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Select Committees and APPGs

Introducing Parliament's Select Committees and APPGs, and ways to engage with them.

Select Committees

Select Committees in the Houses of Parliament scrutinise issues related to public policy. These Committees are keen to hear from a wide variety of stakeholders, including academics, to help inform deliberations and enhance understanding of policy issues. Academics are sometimes appointed as Specialist Advisors for particular inquiries.

There are opportunities for researchers to provide both written evidence and, where invited, oral evidence as part of Committee inquiries.

How to provide evidence to inform discussions

Written evidence

When a Committee starts an inquiry, it publishes a ‘call for evidence’ that details the subjects members want to hear about. Committee requests for evidence (‘calls for evidence’) list a series of questions which the Committee is seeking responses to. You can submit written evidence online via the Parliament website.

Your written evidence will be read, may be discussed in Committee meetings, and may be published online. It is important that your response is succinct and tailored to the specific questions being asked. The UK Parliament offers comprehensive advice about how to respond well to evidence requests.

Oral evidence

Sometimes academics are invited to give evidence in person at Committee meetings (known as oral evidence). This is an opportunity to speak directly to Committee members and to respond to their questions.

To give oral evidence you need to be invited by the Committee. It will base its choice of who to invite on an individual’s profile and relevance to the issue, and/or on the strength of their written evidence supplied.

Oral evidence is taken in public and broadcast via Committees normally publish a written record of what is said, and Committee meetings are public – open for anyone to attend, including the media. Evidence sessions can generate media coverage.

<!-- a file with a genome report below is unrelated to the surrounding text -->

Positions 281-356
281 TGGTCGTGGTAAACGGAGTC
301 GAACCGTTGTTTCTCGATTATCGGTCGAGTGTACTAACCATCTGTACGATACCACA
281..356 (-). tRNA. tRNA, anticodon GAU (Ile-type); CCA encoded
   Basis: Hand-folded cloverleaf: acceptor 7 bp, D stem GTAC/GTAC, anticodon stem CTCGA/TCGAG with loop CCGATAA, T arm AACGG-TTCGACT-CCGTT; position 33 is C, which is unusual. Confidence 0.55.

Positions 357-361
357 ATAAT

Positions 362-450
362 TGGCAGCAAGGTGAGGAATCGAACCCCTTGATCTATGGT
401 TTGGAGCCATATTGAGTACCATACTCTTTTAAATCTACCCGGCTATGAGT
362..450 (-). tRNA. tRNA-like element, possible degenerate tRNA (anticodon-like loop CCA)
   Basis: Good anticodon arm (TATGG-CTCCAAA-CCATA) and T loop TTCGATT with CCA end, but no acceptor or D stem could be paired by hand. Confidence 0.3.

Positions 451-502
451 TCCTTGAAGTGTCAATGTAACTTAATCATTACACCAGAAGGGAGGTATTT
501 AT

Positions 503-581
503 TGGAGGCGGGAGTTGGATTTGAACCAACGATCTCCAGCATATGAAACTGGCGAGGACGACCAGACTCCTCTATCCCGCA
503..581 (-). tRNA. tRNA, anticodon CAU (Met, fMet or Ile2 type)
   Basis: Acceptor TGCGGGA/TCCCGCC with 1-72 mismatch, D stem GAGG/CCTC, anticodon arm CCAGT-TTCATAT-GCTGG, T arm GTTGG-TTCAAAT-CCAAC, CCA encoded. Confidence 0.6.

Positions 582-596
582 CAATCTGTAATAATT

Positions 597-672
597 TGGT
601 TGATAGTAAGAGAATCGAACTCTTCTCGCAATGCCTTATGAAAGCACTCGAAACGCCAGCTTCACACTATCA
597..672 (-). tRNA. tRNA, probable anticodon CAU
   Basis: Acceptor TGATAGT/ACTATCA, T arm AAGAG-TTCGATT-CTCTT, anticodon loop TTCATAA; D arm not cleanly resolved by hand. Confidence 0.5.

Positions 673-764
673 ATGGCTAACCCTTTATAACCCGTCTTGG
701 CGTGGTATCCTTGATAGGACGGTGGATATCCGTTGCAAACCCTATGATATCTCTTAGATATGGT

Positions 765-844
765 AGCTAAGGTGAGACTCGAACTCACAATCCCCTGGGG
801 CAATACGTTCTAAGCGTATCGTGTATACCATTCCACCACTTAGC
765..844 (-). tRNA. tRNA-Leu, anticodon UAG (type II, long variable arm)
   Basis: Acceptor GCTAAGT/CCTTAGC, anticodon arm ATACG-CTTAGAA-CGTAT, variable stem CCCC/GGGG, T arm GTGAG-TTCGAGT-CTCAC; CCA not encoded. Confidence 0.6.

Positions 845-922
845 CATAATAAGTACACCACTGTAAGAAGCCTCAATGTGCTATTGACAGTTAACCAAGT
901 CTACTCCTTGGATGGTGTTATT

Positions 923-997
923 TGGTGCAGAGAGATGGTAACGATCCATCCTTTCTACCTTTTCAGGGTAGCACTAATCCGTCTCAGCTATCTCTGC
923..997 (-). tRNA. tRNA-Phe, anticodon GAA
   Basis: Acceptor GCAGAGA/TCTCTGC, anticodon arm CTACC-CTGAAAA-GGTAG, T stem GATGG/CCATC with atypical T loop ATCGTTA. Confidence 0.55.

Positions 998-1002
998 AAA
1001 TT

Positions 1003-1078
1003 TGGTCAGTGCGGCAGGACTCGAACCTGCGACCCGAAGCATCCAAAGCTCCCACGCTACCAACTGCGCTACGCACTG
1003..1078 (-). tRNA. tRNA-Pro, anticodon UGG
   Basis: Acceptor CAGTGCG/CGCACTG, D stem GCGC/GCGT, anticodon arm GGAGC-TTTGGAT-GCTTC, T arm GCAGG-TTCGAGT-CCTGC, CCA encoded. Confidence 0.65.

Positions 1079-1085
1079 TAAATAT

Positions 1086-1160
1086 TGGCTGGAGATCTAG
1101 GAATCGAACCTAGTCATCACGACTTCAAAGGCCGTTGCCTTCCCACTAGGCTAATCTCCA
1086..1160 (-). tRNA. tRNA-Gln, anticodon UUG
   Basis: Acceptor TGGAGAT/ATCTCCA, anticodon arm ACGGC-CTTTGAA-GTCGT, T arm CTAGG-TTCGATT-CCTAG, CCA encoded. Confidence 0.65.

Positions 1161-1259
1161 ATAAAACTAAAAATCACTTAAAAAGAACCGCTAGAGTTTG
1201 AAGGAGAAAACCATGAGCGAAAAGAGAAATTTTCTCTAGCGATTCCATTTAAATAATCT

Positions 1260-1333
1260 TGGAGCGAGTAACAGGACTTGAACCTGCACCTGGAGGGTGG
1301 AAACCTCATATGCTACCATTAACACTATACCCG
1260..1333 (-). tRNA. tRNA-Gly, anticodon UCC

Engaging with APPGs

All-Party Parliamentary Groups (APPGs) are cross-party groups run by members of both Houses. They cover over 750 policy themes, from international affairs to intellectual property, homelessness to hydrogen. They investigate policy issues and lead inquiries.

They can be a route for academics to engage with MPs and Lords on issues related to their expertise. It is important to note that APPGs are distinct from other official parliamentary bodies, like Select Committees.

Learn more about APPGs relevant to your policy area and, when your research aligns, make contact with them to highlight your research and expertise.

APPG meetings are public and you can attend. This can be a chance to meet members and get a sense of discussions. Following APPGs on social media can be another route to build connections with members and an opportunity for engagement.

Online information about APPGs includes contact details for the Chair (a Parliamentarian), a public enquiry point and the Secretariat (which is often a group outside of Parliament). These are usually the most appropriate first points of contact.


  • Identify Select Committees and APPGs which are relevant to your research and expertise and add them to your stakeholder map.
  • Respond to relevant requests for written evidence, keeping your responses concise. Follow Parliament’s guidance when submitting evidence.
  • When replying to requests, remember your contribution must be original (not published elsewhere). It also needs to be written to address the specific question being asked.
  • If you are invited to give oral evidence to a Select Committee, contact Amy Thompson ( to help prepare your contributions.
  • For APPGs, search for the relevant public inquiry point and email with a brief introduction and overview of your research and expertise with an offer to present or connect.

Further information

Learning from others

Read about Bath academics who have experience of working with Select Committees or APPGs as part of their research:

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